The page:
They swarmed out of that hole. I mean thousands of ants, forming a fan shape coming out of that hole, quicker than I ever want to see ants appear. I kept shuddering and finally moved my class outside, “because of the fumes” and the fact that I was so grossed out about what had just occurred five inches from where I sit every day.

Why You Laughed Story #2:

A couple of weeks ago, I used the dictionary that sits in the corner of the bottom of my shelf. It smelled awful, but I couldn’t figure out why, so I decided it was strange, put it back and did nothing about it. On Tuesday of this week (our first day of the week for school here), Aidan needed the dictionary, so I pulled it out for him. Once again, it smelled really bad, worse even than last time. This time, I decided to see if it was something on the shelf, so I moved the books next to the dictionary space to the ground and looked.

It was a lizard. But not a live one. No, that would have been a normal occurrence. This one was dead, and had been decaying for who knows how long- all I know is that my dictionary has smelled for longer than two weeks. Ew. Ew. EW!!!

I had to have Bethany come in and take care of it for me, because my gag reflex was being quite active, and rightfully so. Unfortunately, it smelled for the rest of that day and all day yesterday, though I’m not sure if that was just my imagination. I put the dictionary and other books outside in the sun yesterday, hoping to get the smell away. I would like to point out that it took me a day to bring myself to touch the books. Ew.

The best part of this story is my kids’ reactions. I didn’t tell them what was there because I couldn’t bring myself to actually talk about it (remember the gag reflex), but they kept saying, “What? What is it?” When I responded, “Nothing,” they said, “Miss Jacque, we know that look.” I have a look, and my kids recognize it! This is enough to send me into fits of giggles upon thought.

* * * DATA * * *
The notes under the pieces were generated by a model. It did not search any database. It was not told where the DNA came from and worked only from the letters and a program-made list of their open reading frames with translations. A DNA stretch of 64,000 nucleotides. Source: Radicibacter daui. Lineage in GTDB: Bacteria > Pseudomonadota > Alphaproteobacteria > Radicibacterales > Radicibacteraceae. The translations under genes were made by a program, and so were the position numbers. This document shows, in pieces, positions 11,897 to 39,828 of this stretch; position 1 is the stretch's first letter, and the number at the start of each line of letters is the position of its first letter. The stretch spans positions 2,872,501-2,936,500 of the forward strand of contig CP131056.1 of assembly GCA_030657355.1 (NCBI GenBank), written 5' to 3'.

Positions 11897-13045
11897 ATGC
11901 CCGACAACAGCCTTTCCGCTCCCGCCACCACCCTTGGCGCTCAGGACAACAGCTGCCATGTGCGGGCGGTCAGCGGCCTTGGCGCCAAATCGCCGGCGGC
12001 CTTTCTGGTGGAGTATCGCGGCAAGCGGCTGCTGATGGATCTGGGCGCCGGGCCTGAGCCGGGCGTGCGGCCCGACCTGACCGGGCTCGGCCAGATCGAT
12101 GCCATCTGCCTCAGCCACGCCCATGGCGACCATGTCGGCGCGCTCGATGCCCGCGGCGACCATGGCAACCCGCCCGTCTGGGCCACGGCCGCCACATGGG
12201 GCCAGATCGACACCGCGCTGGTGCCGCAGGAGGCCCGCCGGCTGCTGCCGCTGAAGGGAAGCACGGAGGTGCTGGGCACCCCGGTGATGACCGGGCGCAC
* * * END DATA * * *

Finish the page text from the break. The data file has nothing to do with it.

Why You Laughed Story #3:

As I’ve already mentioned in passing, we have a lot of lizards and geckos and skinks, both in Kara, but especially in the schoolhouse compound. This makes for entertaining moments when they cross from their acceptable place outside into an unacceptable place: the buildings in which I live. If they stay in their little bubbles, I don’t mind. For example, we have a little “jelly” lizard that sits in our window and waits for us to come home at night. We can always see him because he’s backlit. He doesn’t come out and terrorize us during school, he just waits. He’s my friend.

The gecko that took up residence behind my chalkboard the other day (the day immediately after the decaying lizard was found, mind you), was not where he should have been.

Michal had gone up to the board to do a problem for Math. She was the first one to write on the board for the day, and as she started writing, a gecko about seven inches long emerged from behind, coming toward my desk and bookshelf. I squealed a little bit, then stood up and hopped onto Michal’s chair. None of my beautiful angels knew why I was startled, but I told them and asked Aidan to rescue me from it. He got up and ran his ruler around my bookshelf, making noise to scare it out, but I didn’t see it again that day.